Offshore Platform Decommissioning in the US
Offshore oil and gas wells aren’t endless faucets, meaning the extraction infrastructure at some point will become useless once the well is exhausted. Yet the infrastructure can’t just be allowed to sit unused; over time it begins to become an environmental hazard. As such, these offshore facilities must go through a rigorous process known as decommissioning – the cessation of oil, gas, or sulphur operations.
The Bureau of Safety and Environmental Enforcement (BSEE) estimates the offshore energy industry averages 130 offshore platform decommissions per year. In the United States, the decommissioning process is in part regulated by the BSEE and 30 CFR Part 250, which details how wells must be plugged, platforms removed, pipelines shut down, and clearance provided. Additional regulations in September 2010 issued by the Bureau of Ocean Energy Management, Regulation, and Enforcement (BOEMRE) have further controlled how long unused wells can remain idle before being declared temporarily or permanently abandoned.
Decommissioning an offshore platform is a multi-phase process that involves reviewing contractual obligations, submitting applications and reports, evaluating environmental impact, removing and disposing of equipment, and ensuring proper site clearance. The process begins well before the reservoir runs dry, often several years in advance (particularly in the Pacific and Alaska regions). Once regulatory paperwork and permitting is in order, the platform infrastructure is reinforced; modules cleaned, separated, and removed; and underwater jackets prepared. Later, the well itself must be plugged or abandonment procedures applied to it to ensure leaking will not occur. Any additional topside structures are removed, while platform components must then be later severed at least 15 feet below the mudline for removal by barge. Any remaining pipelines, cables, and debris must then be cleared to meet clearance requirements.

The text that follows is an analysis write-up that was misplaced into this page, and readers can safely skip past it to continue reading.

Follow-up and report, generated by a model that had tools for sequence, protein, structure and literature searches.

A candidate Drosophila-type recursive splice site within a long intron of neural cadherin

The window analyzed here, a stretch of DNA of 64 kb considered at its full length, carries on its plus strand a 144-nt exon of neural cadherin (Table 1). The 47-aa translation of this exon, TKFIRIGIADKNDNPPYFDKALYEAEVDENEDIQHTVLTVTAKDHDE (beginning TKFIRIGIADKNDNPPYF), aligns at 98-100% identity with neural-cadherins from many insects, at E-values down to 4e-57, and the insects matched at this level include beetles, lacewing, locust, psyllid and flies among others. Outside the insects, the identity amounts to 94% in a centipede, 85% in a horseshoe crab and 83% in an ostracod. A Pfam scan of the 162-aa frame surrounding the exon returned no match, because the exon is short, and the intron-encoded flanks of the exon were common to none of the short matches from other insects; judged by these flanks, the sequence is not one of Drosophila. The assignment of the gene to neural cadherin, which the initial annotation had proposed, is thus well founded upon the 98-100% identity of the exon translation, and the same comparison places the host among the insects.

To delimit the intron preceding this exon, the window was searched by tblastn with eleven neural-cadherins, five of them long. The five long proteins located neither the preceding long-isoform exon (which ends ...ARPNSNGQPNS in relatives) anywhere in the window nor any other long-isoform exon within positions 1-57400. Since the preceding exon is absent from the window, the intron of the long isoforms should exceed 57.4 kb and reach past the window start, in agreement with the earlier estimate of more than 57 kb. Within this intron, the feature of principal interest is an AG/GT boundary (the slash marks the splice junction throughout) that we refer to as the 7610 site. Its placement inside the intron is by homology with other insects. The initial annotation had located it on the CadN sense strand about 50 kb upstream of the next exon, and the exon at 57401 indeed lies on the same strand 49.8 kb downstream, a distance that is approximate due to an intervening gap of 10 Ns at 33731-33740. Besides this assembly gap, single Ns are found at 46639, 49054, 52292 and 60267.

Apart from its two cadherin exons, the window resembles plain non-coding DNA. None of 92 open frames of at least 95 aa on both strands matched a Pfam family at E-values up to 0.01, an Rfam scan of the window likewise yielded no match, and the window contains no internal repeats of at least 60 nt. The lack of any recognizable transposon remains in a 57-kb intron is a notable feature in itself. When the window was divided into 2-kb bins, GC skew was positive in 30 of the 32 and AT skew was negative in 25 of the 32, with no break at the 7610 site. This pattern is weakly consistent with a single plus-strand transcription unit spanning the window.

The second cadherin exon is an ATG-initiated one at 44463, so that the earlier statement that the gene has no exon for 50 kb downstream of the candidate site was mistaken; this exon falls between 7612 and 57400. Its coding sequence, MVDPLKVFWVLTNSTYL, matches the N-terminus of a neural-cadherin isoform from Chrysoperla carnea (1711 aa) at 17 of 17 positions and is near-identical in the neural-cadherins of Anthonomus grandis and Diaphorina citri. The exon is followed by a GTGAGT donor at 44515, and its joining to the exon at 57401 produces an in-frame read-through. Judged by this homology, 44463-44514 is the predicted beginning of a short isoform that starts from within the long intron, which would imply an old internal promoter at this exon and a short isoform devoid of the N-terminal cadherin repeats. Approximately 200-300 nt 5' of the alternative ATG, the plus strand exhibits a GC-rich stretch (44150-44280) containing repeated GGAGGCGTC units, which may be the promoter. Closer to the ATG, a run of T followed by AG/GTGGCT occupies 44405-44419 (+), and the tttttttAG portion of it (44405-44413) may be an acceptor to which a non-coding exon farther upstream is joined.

In special cases in the U.S., an offshore platform doesn’t need to be completely decommissioned; it can instead be partially deconstructed or toppled to create an artificial reef. Eligibility for the National Artificial Reef Plan is largely determined by a collection of other entities, including the National Oceanic and Atmospheric Association, the Army Corp of Engineers, and BOEMRE. If found eligible, the operator can then apply to the BSEE to bypass several of the normal decommissioning requirements and convert the rig into an artificial reef, though environmental requirements must still be met.
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